It is customary when declarer is in the dummy to say "on the board"? Where did this terminology come from?

  • 1
    Being declarer means they are not dummy. I've never heard "on the board" to mean anything except "has scored some points at all".
    – Nij
    Apr 7, 2017 at 3:54
  • In Australian bridge, the board is all four hands. You refer board 1, 2... as the set of cards played. Apr 7, 2017 at 8:39
  • 2
    I've heard "on table", meaning the next card to be played (normally starting a trick) will be played by dummy. Is your "on the board" in this same sense? "On (the) table" is fairly clear as to where it came from: dummy's unplayed cards are on the table, everyone else's are in their hands.
    – AndyT
    Apr 7, 2017 at 9:20
  • 1
    I've definitely heard this used, e.g. declarer asks "I forgot where I took that last trick: am I now in the hand or on the board?" Apr 9, 2017 at 0:39

3 Answers 3


The dummy's hand is typically arranged flat on the table (a flat surface, or "board"), and it appears the terminology comes from this

For example, from the ACBL's glossary:

BOARD. (1) A duplicate board. (2) The table on which the cards are played. (3) The dummy’s hand, so called because it lies on the table.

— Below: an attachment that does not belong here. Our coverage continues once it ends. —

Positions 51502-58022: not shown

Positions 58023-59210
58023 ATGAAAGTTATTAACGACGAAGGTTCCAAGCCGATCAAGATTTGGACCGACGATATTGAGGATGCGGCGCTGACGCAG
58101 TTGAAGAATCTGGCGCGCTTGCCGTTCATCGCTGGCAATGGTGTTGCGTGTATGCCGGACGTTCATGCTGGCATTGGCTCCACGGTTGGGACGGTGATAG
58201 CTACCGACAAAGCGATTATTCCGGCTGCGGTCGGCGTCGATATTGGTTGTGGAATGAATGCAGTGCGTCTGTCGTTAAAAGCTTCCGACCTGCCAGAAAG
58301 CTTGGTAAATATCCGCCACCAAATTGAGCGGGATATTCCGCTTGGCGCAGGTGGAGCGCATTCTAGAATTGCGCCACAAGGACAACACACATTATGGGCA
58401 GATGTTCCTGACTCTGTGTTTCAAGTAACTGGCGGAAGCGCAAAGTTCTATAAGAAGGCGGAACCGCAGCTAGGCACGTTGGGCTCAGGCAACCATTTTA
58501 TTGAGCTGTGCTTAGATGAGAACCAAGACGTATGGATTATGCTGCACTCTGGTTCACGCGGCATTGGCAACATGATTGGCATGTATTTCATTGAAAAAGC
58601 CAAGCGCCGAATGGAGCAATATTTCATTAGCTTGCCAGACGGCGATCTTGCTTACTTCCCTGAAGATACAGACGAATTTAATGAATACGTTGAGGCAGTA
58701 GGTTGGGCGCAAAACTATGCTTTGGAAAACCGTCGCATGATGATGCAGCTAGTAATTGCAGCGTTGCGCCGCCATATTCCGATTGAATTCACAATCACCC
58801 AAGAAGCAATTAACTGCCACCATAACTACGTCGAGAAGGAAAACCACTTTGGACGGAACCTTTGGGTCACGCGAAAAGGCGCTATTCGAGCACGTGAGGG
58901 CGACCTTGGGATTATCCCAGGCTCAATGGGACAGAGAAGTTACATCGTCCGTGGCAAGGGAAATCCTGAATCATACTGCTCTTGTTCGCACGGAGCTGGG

The question is not quite clear, but you may also be asking why players say "On the board". It is not polite for opponents, and not permitted for dummy, to comment on the way a hand is being played, but one of the few exceptions is to point out when declarer is about to play a card from his hand rather than from dummy as he should do. "Excuse me, but I believe the lead is in dummy rather than in your hand" is somewhat cumbersome after the first few occasions, so just saying "On the table" (or presumably "on the board" in some circles) is the normal phrasing.


In many card games, the "board" refers to exposed cards. The "dummy" plays this role in bridge. The declarer and both defenders can see it because the dummy's cards are placed face up on the table.

In Hold' em (poker), the "board" refers to the five exposed (common) cards that everyone can see and use. This is in contrast to the two private (hidden) cards in each person's hand.

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